The current restrictions have forced more than 80 percent papers to stop publication.

Only five papers managed to publish from Kashmir during the first few days of the curfew, and even then the number of pages was reduced from as much as 12 to two.

Having covered Kashmir for almost nine years as bureau chief for the Hindustan Times, one of India’s largest English-language circulating dailies, I’ve reported on protests and conflicts in the region before. In previous crises, reporting was still possible. What’s different now is how thorough the crackdown has been. There is a near complete absence of reporting by local Kashmiri journalists working in the national media. And even some of the most prominent Indian reporters say their reports are being killed by reputable newspapers in Delhi, while television reporters are given limited air time.

Anuradha Bhasin, editor-in-chief of the Kashmir Times, filed a petition seeking court intervention to restore freedom of the press in the region, so far without success. The Press Council of India, a statutory body created to protect freedom of the press, has supported restrictions, arguing they are in the national interest.

“Since August 5, we have not published our Srinagar edition of the newspaper,” Bhasin says. “For days we depended on television, reporting in international media, and government handouts. After almost 12 days we managed to get in touch with our Srinagar bureau. Since they have to file from the media center, some days they manage to send stories and others they don’t.” Bashin says she has yet to get in touch with her reporters from South and North Kashmir and the hilly districts of Jammu. Even in Srinagar, the reporting is confined to the high-security area, while suburban and downtown Srinagar remain inaccessible.

International media have had more success in getting stories out of Kashmir. Organizations like the BBC, Al Jazeera, and AFP use thumb drives to send stories to their bureaus in Delhi. “We would somehow manage to reach the airport and hand over pictures and articles on the drives to some Delhi-bound person,” says Tauseef Mustafa, a photojournalist working for AFP. “We would request people to call the phone number given, and our colleagues in Delhi would get the drives collected.”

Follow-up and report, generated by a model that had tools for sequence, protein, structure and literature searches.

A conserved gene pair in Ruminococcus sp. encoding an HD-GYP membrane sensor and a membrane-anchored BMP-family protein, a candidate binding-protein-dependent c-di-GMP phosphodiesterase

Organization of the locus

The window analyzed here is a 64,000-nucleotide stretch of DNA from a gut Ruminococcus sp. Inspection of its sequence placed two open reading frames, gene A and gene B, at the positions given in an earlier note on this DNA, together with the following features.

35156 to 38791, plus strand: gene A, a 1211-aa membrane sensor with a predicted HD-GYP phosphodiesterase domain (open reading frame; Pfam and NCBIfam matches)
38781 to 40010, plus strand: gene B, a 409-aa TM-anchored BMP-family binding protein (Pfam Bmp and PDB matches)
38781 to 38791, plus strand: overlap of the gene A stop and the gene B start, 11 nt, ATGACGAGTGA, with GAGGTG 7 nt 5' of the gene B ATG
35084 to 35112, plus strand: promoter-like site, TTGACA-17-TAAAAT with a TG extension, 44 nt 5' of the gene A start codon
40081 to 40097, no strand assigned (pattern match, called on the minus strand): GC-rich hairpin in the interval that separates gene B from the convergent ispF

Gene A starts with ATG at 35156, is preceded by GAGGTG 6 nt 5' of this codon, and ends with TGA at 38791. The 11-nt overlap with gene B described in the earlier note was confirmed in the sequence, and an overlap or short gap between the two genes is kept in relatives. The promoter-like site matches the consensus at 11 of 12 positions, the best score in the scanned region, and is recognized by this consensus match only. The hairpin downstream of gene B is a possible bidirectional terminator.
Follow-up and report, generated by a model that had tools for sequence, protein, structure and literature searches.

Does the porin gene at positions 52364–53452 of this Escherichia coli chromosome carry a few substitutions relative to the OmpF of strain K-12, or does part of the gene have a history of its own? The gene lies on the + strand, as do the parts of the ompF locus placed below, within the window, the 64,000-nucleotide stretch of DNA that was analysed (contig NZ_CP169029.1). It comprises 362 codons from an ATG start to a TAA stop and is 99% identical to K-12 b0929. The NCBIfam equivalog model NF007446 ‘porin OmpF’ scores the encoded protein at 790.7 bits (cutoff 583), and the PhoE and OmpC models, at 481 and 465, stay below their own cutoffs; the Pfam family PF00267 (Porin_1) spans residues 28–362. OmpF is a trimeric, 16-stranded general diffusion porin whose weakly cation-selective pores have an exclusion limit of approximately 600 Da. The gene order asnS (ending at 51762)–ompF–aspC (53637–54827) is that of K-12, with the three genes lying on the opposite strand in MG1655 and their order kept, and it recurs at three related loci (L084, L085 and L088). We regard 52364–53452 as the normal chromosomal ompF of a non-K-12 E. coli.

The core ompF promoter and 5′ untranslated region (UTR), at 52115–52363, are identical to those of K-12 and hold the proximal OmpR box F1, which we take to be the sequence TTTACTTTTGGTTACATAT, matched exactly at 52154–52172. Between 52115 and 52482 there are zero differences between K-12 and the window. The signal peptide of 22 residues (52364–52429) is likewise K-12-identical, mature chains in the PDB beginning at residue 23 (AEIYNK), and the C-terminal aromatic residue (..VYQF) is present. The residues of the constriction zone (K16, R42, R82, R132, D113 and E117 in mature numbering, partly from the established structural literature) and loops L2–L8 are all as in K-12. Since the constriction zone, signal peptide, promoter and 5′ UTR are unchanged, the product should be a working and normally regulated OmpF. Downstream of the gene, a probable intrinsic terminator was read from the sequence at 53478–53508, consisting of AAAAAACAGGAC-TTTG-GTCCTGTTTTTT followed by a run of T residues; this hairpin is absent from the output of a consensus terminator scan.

Other organizations made more elaborate arrangements. “Delhi would send a person in one flight; we would hand over the news material in a drive, and he would take the next flight to Delhi,” says a photographer working for an international media group.

“It’s back to [the] 1990s when BBC radio and Voice of America were the only sources of authentic news,” says a resident of Lal Bazar near Srinagar’s old city. “In [Indian] national channels there is more noise than news. Earlier the news channels would demonize Kashmiris as stone-pelters; today, they want people to believe that Kashmiris are patriotic and looking forward to development in the name of abrogation of Article 370.”

The restrictions have created dueling narratives of what’s happening in Kashmir.

Crews from most Indian national news channels are reporting that Kashmir is returning to normal. No reports of arrests or unrest are aired on these channels. Some journalists from media outlets in Delhi claim they were taken for a helicopter tour of the city to show how there were no protests on ground. News channels also aired visuals of government security advisor, Ajit Doval, sharing a meal with a few Kashmiri men in a shutdown market as a sign of peace. Indian authorities have criticized the international media for presenting a false image of the situation in Kashmir.

The local Kashmiri heads of bureaus for Hindi news channels have not been on air since August 5. While the English-language channels initially allowed some airtime to Srinagar reports, much of the airtime is now taken by reporters based outside the region. “The last I came on air was August 5 morning,” says a reporter for a Hindi news channel who did not want to be named. “After that, I dress up in the morning, fight restrictions to reach the office; in fact, stayed a few days in the vicinity of my office to report. But very little of what I report goes on air, and I have never been called for a live report even once since then.”

“You won’t see any Kashmiri voices in these reports,” says one reporter working with an Indian news channel who also requested anonymity. “The reports from Srinagar would either have an official speaking or the reporters would be giving analysis of the situation on the ground—without any ground reporting.”